Those people you are going to hire to work at your business so you can sit back and watch the money roll in; they’re going to want a paycheck.
Where does that money come from? Do you need to purchase inventory?
You can’t start a business with zero money.
You just can’t.
In this modern marketplace, you have to buy things like websites, traffic, and influencers.
When Sony, Samsung, and LG are bootstrapping to build and test their curved flat screen, $500,000.00 is not going to break the bank; to them, it’s a rounding error.
It’s not the same as having zero money.
If you’re not flush enough with your money to be able to scale, your attempts are going to fail.
Bootstrapping your business does not mean ZERO money.
It means being financially independent enough to be able to put money into the business.
In practical terms, if you cannot financially afford to feed your business in its early stages, it’s most likely because you haven’t worked on it enough.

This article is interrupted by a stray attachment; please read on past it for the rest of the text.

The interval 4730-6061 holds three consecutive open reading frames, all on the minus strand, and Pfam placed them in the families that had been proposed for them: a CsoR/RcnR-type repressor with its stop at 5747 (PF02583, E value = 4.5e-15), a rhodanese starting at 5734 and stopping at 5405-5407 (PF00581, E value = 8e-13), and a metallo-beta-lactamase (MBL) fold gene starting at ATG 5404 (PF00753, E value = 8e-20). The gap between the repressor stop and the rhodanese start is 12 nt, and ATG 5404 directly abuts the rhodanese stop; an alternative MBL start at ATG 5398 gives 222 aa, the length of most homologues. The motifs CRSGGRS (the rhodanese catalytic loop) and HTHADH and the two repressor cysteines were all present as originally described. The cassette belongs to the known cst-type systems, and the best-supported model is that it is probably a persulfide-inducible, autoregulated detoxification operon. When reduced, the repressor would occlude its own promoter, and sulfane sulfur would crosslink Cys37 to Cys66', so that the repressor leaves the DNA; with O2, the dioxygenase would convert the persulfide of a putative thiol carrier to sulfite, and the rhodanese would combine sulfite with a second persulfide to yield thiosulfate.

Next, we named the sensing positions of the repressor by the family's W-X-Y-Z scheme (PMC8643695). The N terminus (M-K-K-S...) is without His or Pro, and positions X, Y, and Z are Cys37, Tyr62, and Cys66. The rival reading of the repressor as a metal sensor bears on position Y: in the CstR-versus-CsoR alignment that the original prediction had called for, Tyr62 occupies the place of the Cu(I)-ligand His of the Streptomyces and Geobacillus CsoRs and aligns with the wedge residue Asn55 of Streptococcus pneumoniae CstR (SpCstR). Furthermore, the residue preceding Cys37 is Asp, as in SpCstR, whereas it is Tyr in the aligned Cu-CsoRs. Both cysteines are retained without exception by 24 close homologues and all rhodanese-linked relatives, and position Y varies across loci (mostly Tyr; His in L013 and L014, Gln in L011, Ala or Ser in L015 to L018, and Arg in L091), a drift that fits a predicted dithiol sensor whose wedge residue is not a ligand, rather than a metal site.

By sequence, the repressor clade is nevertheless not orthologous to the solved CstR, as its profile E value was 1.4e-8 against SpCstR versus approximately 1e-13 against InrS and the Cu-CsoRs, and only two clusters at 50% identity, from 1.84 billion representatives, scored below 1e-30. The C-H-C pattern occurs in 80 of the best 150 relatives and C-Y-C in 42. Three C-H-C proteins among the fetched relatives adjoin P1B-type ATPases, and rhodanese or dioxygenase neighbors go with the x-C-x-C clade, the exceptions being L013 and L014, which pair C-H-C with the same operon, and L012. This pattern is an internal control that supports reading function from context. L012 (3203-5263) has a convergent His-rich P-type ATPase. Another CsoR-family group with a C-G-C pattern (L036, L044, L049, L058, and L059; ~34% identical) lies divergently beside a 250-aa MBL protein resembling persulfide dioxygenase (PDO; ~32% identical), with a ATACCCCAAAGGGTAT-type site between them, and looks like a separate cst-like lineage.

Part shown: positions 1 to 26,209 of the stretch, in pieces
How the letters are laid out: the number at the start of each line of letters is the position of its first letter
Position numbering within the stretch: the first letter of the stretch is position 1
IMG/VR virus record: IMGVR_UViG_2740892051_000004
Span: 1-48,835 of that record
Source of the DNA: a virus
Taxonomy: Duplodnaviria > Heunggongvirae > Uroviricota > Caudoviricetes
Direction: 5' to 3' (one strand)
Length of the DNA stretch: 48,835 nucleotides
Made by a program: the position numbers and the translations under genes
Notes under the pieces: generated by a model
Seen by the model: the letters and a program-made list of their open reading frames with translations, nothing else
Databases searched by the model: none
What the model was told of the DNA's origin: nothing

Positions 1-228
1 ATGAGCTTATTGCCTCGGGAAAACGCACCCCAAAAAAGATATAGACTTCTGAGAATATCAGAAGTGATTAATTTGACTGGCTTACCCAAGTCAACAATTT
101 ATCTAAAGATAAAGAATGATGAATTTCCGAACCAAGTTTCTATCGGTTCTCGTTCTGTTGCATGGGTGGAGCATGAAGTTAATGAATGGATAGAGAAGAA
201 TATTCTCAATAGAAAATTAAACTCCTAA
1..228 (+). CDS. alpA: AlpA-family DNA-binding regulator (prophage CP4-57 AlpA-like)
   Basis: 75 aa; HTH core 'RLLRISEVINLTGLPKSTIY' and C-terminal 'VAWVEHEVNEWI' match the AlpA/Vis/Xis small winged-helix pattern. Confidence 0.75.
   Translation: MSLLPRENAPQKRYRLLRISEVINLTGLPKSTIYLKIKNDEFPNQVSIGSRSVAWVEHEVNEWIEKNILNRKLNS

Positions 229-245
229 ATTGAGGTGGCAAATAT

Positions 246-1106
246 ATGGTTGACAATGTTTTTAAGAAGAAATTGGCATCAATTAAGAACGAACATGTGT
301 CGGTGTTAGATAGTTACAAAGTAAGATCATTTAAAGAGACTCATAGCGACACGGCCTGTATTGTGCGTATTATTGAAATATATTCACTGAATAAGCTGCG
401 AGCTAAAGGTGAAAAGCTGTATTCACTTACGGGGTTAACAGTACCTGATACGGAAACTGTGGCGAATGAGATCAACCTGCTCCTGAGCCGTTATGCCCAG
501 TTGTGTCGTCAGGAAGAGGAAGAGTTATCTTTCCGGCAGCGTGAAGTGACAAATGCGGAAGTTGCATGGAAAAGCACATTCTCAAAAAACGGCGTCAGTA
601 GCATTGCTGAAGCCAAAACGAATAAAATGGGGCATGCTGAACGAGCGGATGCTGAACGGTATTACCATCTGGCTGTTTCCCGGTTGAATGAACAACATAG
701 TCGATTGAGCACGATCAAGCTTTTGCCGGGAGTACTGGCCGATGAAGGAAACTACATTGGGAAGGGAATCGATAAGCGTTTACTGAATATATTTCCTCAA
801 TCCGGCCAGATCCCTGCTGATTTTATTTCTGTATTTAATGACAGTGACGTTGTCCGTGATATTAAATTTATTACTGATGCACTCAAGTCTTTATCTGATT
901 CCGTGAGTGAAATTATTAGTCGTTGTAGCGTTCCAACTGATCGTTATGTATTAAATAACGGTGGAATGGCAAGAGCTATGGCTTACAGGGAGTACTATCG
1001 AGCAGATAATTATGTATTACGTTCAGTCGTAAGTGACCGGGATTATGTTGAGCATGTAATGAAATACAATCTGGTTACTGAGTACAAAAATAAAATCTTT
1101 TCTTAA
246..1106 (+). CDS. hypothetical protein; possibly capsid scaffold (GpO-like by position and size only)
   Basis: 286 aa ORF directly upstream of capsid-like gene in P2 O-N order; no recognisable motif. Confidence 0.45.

Consistent work pays, and your profit and loss statement is a direct reflection of this.
“Make sure you have ‘start-up money’.”
This belief that an idea and hope are the foundation for bootstrapping your business is a misconception, and will most certainly lead to unnecessary stress and quite possibly the end of your business venture.
But, it doesn’t have to be.
Think of bootstrapping as a strategic entry into entrepreneurship.
Instead of “no money”, make sure you have “start-up money”.
Don’t look at a 9-5 job as a failure, but a preventative measure to ensure more rapid financial success.
Budget properly. Hire yourself an awesome and reliable PSD Team.
Bootstrapping your business simply means you’re doing it on your own – not you’re doing it broke.
If you chose to go into business for yourself without investors or loans, you’re also going in without debt.
That is an incredible start to your entrepreneurial journey.
Properly bootstrapping your business will lead to you being on solid financial ground. It will enable you to invest money back into your business, which is not only smart, but the fastest way to scale and grow.